Mecklenburg County commissioners on Tuesday night threw their support behind the embattled C.W. Williams Health Center as it seeks a $1.3 million federal grant.
County Manager Dena Diorio will draft a letter of support for the center, which is no longer in bankruptcy as long as it repays outstanding debts to the Internal Revenue Service and numerous vendors.
The center is one of two health centers in Charlotte that receive federal funding to provide medical care to underserved and vulnerable populations.
Debra Weeks, hired as the center’s CEO in mid-March, told the board that Novant Health and Carolinas HealthCare System will give the center letters of support that will help secure the grant. But endorsement from the county is needed by the application deadline at the end of the month, she said.
Some on the board were skeptical about granting that request when the center hasn’t yet met all six conditions commissioners set for releasing $390,000 in county grant money that’s been withheld for over a year.
“It seems like we’re endorsing a letter of recommendation when they’ve not satisfied the requirements to receive our very own grant funding, and yet we want to endorse them going after federal money for a grant,” commissioner Matthew Ridenhour said.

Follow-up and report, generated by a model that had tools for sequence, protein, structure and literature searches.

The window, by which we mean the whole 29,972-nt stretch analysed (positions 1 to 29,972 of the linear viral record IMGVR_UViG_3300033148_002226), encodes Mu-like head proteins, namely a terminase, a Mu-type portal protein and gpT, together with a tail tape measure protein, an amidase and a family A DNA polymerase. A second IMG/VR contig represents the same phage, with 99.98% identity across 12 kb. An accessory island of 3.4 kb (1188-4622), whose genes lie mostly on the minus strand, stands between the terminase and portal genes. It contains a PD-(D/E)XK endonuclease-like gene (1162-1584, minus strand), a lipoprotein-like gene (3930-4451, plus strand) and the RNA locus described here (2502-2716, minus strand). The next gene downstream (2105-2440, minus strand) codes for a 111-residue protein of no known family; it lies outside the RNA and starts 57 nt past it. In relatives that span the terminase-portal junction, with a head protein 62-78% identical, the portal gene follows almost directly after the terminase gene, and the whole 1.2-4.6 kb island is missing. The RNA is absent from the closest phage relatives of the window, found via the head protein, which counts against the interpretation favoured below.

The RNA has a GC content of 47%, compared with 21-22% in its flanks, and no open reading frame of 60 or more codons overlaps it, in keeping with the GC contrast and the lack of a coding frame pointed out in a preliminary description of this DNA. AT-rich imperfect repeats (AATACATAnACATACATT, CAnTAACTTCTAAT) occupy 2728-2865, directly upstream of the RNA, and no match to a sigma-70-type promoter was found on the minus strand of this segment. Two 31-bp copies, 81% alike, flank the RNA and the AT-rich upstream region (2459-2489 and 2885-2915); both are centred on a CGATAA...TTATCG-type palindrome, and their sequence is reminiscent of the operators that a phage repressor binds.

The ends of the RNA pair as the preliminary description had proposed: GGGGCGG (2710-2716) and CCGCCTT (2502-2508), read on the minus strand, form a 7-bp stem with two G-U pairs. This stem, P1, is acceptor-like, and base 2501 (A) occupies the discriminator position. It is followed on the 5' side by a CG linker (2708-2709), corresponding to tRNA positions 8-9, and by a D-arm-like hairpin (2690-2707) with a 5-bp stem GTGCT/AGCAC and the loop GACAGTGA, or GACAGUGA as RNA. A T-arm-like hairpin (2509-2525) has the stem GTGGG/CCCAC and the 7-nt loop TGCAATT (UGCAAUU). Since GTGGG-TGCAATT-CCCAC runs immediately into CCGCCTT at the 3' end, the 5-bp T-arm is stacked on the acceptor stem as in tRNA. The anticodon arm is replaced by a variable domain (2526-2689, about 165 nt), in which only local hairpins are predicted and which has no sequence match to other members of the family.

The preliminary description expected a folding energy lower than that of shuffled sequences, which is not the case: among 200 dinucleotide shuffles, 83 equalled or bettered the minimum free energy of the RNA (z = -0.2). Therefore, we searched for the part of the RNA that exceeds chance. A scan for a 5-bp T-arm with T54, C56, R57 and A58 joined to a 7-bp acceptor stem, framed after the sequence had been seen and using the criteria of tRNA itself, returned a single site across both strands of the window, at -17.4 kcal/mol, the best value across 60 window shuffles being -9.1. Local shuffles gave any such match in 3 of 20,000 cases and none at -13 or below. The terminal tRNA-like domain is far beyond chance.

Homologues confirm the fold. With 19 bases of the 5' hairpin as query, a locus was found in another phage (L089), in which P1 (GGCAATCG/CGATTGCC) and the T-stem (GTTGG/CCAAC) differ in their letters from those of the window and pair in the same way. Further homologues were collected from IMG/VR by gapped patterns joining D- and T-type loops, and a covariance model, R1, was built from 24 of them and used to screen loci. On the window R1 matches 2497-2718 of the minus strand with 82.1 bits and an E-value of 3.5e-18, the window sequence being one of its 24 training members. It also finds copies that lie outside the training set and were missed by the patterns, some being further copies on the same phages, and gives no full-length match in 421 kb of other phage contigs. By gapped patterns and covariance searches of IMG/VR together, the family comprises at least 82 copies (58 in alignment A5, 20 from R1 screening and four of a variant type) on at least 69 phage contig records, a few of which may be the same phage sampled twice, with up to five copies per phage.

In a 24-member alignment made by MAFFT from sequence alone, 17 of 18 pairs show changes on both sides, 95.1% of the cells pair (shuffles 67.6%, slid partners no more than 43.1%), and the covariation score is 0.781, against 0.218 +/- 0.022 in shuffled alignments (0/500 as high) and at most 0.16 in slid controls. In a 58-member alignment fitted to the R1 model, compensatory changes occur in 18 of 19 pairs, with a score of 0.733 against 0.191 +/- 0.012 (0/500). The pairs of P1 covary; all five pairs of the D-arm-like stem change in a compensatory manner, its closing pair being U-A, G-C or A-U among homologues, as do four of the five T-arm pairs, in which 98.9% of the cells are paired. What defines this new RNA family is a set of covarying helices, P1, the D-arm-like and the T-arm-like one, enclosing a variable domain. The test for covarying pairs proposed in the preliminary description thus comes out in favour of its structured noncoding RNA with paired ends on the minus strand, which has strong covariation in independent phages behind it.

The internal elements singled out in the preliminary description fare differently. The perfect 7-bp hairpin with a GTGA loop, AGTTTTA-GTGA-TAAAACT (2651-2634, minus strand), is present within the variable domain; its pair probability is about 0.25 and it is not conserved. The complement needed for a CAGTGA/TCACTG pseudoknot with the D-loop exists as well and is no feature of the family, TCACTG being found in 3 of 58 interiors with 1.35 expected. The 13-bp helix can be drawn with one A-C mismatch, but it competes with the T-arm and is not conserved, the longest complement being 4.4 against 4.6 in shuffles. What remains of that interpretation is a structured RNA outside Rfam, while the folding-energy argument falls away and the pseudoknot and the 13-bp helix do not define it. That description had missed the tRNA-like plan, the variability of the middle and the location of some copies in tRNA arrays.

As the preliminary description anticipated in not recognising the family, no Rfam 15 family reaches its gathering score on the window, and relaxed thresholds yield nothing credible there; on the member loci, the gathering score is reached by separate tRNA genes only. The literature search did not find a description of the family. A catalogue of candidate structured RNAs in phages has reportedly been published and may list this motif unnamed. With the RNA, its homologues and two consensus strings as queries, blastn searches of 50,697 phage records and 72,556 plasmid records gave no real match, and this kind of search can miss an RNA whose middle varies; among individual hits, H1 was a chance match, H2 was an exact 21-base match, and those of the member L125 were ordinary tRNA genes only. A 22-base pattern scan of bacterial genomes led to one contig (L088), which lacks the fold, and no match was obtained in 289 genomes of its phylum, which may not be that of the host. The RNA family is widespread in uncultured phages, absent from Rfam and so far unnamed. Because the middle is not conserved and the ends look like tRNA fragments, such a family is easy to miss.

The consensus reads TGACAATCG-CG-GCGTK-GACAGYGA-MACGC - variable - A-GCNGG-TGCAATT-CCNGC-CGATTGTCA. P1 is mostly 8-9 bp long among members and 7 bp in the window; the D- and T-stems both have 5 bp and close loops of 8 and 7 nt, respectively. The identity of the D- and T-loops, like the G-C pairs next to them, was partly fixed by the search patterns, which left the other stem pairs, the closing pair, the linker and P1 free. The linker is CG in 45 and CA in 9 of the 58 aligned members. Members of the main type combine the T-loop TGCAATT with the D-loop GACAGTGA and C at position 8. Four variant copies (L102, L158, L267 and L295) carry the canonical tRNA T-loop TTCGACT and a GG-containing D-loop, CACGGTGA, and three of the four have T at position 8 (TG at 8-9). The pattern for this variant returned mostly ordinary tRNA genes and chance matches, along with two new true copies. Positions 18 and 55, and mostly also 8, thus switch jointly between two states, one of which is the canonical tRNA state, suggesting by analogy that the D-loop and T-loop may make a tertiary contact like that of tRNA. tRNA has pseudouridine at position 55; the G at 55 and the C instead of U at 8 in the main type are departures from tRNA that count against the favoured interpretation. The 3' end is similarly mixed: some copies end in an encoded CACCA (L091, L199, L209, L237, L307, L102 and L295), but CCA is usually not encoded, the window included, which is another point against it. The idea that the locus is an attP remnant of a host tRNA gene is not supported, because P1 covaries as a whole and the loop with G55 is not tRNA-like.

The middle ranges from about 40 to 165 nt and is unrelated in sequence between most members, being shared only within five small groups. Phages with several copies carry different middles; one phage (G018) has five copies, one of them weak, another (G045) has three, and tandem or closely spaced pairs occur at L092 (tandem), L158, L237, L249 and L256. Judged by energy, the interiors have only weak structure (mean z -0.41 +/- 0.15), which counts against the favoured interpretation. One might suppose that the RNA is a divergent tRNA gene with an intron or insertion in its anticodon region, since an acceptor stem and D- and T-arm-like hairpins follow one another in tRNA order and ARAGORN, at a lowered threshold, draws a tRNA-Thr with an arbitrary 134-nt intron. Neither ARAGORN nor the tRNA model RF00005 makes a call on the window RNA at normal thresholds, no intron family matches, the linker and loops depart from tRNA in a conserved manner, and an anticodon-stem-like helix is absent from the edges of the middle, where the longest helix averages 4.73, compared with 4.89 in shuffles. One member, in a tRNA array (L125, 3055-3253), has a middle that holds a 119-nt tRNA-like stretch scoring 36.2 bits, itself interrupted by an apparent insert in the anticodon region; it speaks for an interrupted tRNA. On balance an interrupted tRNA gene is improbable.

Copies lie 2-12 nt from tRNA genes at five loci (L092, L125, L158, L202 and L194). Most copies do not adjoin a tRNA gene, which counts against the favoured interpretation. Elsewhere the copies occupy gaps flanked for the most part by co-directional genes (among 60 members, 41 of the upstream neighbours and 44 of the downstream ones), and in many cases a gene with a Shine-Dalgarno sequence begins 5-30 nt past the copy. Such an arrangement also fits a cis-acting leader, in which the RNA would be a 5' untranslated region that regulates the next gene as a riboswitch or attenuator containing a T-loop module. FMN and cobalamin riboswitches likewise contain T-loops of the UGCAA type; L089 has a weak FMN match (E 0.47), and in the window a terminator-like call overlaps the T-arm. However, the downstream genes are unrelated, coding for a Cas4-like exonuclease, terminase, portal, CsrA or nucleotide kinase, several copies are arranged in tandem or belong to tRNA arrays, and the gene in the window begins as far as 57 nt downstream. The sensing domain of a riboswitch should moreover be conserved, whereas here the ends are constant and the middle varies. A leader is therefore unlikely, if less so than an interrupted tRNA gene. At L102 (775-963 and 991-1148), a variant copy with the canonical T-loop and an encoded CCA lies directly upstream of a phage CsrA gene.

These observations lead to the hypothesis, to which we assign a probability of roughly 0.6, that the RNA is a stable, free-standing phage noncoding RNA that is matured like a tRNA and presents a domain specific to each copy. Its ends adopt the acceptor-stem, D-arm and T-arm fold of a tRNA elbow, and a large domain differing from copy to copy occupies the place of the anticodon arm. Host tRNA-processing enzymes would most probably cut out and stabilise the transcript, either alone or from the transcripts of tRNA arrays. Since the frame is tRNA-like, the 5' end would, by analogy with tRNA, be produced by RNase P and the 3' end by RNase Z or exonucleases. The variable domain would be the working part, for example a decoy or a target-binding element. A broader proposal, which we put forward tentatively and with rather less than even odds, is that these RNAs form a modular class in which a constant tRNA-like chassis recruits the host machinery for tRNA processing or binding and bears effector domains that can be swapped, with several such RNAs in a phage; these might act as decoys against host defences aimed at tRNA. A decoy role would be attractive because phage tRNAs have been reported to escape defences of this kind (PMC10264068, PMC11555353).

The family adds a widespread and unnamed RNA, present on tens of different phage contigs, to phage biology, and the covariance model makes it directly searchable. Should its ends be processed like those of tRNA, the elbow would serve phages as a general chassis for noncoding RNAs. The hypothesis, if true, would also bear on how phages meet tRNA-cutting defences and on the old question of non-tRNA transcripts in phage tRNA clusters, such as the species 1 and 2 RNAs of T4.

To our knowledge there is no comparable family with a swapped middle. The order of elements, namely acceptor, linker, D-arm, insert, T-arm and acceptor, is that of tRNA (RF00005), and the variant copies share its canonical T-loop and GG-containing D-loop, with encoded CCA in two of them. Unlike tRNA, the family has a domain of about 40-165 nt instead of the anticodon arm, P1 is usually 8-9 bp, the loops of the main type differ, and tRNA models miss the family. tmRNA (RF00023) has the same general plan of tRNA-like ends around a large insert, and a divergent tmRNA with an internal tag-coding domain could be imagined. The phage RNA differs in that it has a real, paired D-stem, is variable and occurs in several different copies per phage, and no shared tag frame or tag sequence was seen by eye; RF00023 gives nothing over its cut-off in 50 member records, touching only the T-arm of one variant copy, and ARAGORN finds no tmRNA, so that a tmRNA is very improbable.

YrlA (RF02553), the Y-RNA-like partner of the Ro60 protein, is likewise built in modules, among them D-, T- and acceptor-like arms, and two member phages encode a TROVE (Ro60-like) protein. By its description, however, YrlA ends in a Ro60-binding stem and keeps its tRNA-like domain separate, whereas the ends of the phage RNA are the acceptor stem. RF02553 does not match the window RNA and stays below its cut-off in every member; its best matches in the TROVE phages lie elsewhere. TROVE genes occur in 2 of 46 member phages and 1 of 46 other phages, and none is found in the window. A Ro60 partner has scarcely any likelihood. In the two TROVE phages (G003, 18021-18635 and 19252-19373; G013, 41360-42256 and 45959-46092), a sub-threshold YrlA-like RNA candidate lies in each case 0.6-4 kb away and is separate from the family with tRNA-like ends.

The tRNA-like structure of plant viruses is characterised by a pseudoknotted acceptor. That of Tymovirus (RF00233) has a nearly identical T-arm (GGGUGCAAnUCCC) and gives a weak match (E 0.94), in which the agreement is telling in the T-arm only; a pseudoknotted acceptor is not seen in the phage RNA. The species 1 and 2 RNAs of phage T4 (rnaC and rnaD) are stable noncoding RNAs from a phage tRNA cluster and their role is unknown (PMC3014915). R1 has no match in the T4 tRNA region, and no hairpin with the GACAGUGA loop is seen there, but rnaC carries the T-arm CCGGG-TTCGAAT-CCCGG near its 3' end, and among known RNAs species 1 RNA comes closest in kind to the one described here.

The 35-year-old facility on Wilkinson Boulevard has received county money to provide medical care for low-income patients since 2007. Financial woes led it to close one of its satellite centers and lay off staff last year.
The center filed for bankruptcy last December but learned last week that the federal bankruptcy court approved its financial reorganization plan.
Commissioners still must decide whether to release the $390,000 allocation, kept in reserves until the center can provide an audited financial statement and meet certain conditions. Mark Foster, an assistant county manager who sits on the health center’s board, said the center has fulfilled four of those conditions and will meet a fifth with the award of the federal grant.
The center still has work to do on fixing its financial problems. The board last week received the center’s latest audit, which showed that, as of March 31, it operated on a $2.4 million deficit under its former leader.
Still, commissioner George Dunlap praised Weeks’ leadership and voiced confidence in the facility’s turnaround.
“She’s done a yeoman’s job and she deserves to have our support,” he said.